Hibs defender Ryan Porteous addresses transfer situation and reveals his and Kevin Nisbet's stance

Rather than go banging on doors, Ryan Porteous says his initial frustration at seeing the club knock back a £1million bid for him has morphed into flattery.
Hib's Ryan Porteous celebrates with his manager Jack Ross after the Easter Road side's victory over St Mirren. Photo by Ross Parker / SNS GroupHib's Ryan Porteous celebrates with his manager Jack Ross after the Easter Road side's victory over St Mirren. Photo by Ross Parker / SNS Group
Hib's Ryan Porteous celebrates with his manager Jack Ross after the Easter Road side's victory over St Mirren. Photo by Ross Parker / SNS Group

The 21-year-old graduate of the Hibs academy still wants to play at the highest level possible and says the day will come when he does move on, but he accepts that the time has to be right for all parties.

“The chats I have had with the manager, he has been honest and said he wants me here but he understands that there is going to be a time, if I want to progress, when I need to make the step up,” said Porteous. “But the timing has to be right for me and for the club. I am fully aware of that. I am thankful I have a manager who is open and honest.”

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That dialogue was vital, though, as the club rejected Millwall’s move and manager Jack Ross took the decision to drop the young defender from a league line up for the first time this season. Having sat out the victory over Dundee United on Saturday, along with fellow transfer target Kevin Nisbet, the pair also started Tuesday night’s encounter with St Mirren on the bench.

Going through the mix of emotions along with a colleague and friend helped, according to Porteous

“It probably did help, because we could speak to each other about it but the manager has spoken to us whenever we needed it.

“He is a manager who wants the best for his players. He knows, and as a club, they know young players want to eventually move on and further their career.

“It is part and parcel of the game and any young player that wants to progress needs to go through it. You have to deal with it and it is a learning curve for me and others in the dressing room. Hopefully I can learn from it and be a bit more experienced if those things happen again.”

But, he was keen to make a point when he was sent on for the second half of the match in Paisley.

“I was a bit frustrated not to start the last few games but it is good to take your frustrations out by getting a goal and helping the team win. Taking Darren [McGregor] off at half time was probably more tactical. It was probably more my type of game in that it was stepping into play and hitting passes out wide.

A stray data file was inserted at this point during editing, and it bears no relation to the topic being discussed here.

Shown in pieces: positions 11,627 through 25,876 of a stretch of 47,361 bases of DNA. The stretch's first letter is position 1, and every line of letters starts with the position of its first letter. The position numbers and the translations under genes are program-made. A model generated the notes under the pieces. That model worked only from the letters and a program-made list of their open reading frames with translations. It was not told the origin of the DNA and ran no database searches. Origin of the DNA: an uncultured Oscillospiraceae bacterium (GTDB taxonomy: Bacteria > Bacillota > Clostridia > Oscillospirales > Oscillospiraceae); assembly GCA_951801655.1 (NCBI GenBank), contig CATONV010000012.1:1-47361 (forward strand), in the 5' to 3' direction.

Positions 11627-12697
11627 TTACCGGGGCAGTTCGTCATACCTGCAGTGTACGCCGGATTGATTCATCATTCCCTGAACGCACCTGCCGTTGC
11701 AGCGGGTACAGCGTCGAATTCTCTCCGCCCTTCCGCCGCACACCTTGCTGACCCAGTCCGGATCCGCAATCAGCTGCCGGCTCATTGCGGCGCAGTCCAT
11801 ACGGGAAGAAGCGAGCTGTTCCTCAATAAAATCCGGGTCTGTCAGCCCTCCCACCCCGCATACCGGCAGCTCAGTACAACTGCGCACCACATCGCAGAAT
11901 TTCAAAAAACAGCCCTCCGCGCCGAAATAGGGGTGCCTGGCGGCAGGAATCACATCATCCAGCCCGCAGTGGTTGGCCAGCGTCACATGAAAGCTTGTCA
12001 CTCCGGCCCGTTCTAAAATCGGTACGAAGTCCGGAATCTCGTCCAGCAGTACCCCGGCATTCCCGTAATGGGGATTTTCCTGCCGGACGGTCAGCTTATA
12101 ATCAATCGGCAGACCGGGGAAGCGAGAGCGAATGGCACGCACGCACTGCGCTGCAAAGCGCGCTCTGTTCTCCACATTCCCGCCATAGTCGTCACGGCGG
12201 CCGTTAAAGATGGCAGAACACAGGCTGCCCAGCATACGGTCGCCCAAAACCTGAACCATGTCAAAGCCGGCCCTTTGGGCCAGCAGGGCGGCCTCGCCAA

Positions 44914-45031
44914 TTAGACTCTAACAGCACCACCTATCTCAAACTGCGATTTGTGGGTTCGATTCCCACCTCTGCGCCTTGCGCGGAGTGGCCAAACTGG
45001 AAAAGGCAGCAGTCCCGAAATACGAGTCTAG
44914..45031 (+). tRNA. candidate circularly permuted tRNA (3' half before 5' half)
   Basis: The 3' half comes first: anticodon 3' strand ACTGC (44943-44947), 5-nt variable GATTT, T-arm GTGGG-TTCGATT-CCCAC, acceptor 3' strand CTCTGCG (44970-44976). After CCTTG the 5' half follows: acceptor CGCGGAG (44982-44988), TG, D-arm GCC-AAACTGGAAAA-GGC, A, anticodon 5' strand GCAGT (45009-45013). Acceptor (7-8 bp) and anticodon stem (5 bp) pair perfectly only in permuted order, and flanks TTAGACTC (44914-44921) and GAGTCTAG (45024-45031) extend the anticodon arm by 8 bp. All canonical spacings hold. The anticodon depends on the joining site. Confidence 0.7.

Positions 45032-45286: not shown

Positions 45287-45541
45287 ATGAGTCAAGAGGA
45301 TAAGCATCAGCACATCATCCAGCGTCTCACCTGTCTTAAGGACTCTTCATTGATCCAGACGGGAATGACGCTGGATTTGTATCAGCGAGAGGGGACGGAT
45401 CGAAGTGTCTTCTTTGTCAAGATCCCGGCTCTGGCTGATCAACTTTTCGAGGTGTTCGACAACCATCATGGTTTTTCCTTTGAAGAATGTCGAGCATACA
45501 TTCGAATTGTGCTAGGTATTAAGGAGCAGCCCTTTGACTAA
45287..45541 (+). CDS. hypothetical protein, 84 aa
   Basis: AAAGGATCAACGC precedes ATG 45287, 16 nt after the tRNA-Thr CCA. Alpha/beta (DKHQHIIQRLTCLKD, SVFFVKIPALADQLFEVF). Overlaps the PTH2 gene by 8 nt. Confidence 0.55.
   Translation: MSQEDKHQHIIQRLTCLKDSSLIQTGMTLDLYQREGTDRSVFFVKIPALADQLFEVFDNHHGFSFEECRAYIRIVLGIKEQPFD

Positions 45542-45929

“I started well and got the goal and it settled us a little bit and they had to come out. Then we got the second which gave us a bit of breathing space.

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“It is something that [first-team coach] John Potter and I have worked hard on over the last few months. I have usually been good for five or six goals when I am fit but I have been a bit disappointed with my runs into the box this season so it is good to open my account."

The fact that Nisbet was involved in the build-up play, which served up the corner Porteous headed home was an indication, if one was needed, that having seen the big moves blocked, neither player has any plans to down tools. Instead, there is a desire to prove they are worthy of future bids, which are capable of turning Hibs’ head.

“I don’t think I need to say to the fans that Kevin and I will give everything for the club and team while we are here. It would be a waste of six or seven months and hard work not to.”

While Nisbet had tried to push his near-£3m switch to Birmingham City through by lodging a transfer request, Porteous says he did not consider following suit.

But, the fact that both players were given game time suggests Ross has no doubts about their commitment and professionalism now that the window is shut and they are tied to Hibs for the remainder of what could be a successful season, if they can keep Aberdeen at bay on Saturday and keep the pressure on second-placed Celtic.

“I don’t think [the manager] would have brought me on if I was chapping his door saying I wanted away. Everyone wants to go and play at the highest level, they would be lying if they said they didn’t. But it is flattering that Hibs turned down the money they did for me. It shows real ambition from the club and how well run we are. Especially in the current climate. We are all in it together and the gaffer and the directors and owner know that.

“We are in a good position and there are a big few months ahead. I have had a consistent run of games but I have to thank the boys and the manager for having that faith and trust in me. It is good to be in a good place right now.

“You never want to leave on bad terms and I want to try and get the best results for the club. The timing maybe wasn’t right but we can reassess that in the summer.”

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By then, he hopes to have done enough to book a place in Scotland’s Euros squad, making him an even better proposition for potential buyers.

“Listen, there are some fantastic players in my position who are already in the set-up. I think there will need to be some injuries for me to be involved. I want to be there but I know a lot of other boys do too.

“If I can keep doing well, and if we have one or two injuries you never know what could happen. But these are the biggest games we have had for two decades and everyone wants to be involved, myself included.”

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